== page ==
Christopher joined Far Western as a Senior Archaeologist and Ethnographer in 2019. He has worked as an archaeologist and ethnographer in the Great Basin since 2005, in academic, governmental, and CRM settings throughout Utah, Nevada, and California.
He received his Ph.D. in 2015 from the University of Utah, with research emphases on the evolution of human fire use, the archaeological signatures of anthropogenic burning, and the use of fire as a resource management tool by Martu Aborigines in the Western Desert of Australia. His current research focuses on fire use among Hadza hunter-gatherers in eastern Tanzania, and the effect of controlled low-intensity seasonal burning on traditional resources, specifically yampa (perideridia gairdneri), in Surprise Valley, CA.
Christopher has used ethnographic methods including archival research, participant observation, structured and semi-structured interviews, and recorded oral histories in Nevada, Utah, Tennessee, Australia, and Tanzania. He has worked as an ethnographer in academic settings, for federal agencies, and with tribal governments for Native Title claims in Australia.
Christopher’s Featured Projects
- NAS Fallon Archaeological Reconnaissance Survey and Evaluations of Traditional Cultural Properties
- NAS Fallon Ethnographic Study
- Stillwater Traditional Cultural Properties Evaluation
- LNC Thacker Data Recovery
- Historic Properties Treatment Plan for the Tule River Spillway Enlargement Project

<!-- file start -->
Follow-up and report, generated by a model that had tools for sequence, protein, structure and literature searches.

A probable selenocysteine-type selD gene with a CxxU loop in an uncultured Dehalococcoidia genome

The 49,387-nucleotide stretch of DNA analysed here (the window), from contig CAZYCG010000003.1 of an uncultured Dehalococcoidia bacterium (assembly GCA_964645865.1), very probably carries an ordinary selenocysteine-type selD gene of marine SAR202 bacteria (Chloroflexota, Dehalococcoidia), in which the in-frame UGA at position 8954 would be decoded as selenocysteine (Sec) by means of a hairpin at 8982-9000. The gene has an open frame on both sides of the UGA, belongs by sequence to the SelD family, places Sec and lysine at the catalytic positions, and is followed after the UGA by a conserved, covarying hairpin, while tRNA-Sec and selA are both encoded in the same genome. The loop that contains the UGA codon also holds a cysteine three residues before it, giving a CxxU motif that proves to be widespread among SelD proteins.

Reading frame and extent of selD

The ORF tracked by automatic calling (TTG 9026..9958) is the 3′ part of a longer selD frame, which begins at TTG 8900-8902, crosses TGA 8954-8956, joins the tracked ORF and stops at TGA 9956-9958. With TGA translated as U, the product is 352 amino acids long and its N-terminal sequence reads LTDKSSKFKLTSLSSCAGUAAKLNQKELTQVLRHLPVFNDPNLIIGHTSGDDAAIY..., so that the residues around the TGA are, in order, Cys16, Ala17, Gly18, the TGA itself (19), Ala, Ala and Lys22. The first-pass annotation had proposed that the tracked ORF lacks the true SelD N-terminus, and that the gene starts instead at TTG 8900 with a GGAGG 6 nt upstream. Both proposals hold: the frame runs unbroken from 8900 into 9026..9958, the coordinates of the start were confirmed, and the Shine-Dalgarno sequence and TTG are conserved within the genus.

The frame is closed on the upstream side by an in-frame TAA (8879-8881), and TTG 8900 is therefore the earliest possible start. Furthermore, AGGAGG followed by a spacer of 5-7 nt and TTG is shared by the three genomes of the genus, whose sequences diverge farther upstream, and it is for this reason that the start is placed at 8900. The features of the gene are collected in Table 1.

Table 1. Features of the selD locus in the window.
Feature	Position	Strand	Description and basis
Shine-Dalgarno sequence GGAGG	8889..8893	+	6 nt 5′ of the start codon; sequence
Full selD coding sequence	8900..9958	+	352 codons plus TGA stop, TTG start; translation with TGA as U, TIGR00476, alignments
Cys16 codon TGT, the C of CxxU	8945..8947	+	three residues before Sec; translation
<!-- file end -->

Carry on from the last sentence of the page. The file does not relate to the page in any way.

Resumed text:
- Bedrock Milling Features Context and Research Design for California Department of Transportation
Christopher’s Featured Publications
Parker, A.K., C.H. Parker, and B.F. Codding
When to defend? Optimal territoriality across the Numic homeland. Quaternary International 518:3-10. DOI: https://doi.org/10.1016/j.quaint.2018.05.034.
Parker, C.H. and K. Hawkes
Optimal Foraging Theory. In Cox, R and Callan, H., editors, International Encyclopedia of Anthropology. New York: Wiley-Blackwell & Sons.
Herzog, N., E. Keefe, C.H. Parker, and K. Hawkes
What’s burning got to do with it? Primate foraging opportunities in fire-modified landscapes. American Journal of Physical Anthropology 159(3):432 441.
Parker, C.H., N. Herzog, E. Keefe, J. F. O’Connell, and K. Hawkes
Invited comment on “Burning the land: an ethnographic study of off-site fire use by current and historically documented foragers and implications for the interpretation of past fire practices in the landscape” by F. Scherjon, C. C. Bakels, K. MacDonald, and W. Roebroeks. Current Anthropology 56(3), 299-326.
Herzog, N., C. H. Parker, E. Keefe, J. Coxworth, A. Barrett, and K. Hawkes
Fire, travel, and home range expansion: A behavioral response to burning among savanna dwelling Vervet monkeys (Chlorocebus aethiops). American Journal of Physical Anthropology, 154:554-560.
Bliege Bird, R., D. W. Bird, B. F. Codding, C.H. Parker, and J. H. Jones
The “fire stick farming” hypothesis: Australian Aboriginal foraging strategies, biodiversity, and anthropogenic fire mosaics. Proceedings of the National Academy of Sciences 105:14796-14801.
Bird, D. W., R. Bliege Bird, and C. H. Parker
Aboriginal burning regimes and hunting strategies in Australia’s Western Desert. Human Ecology 33:443-464.
Bird, D. W., R Bliege Bird, and C. H. Parker
Women who hunt with fire. Australian Aboriginal Studies 2004(1):90-96.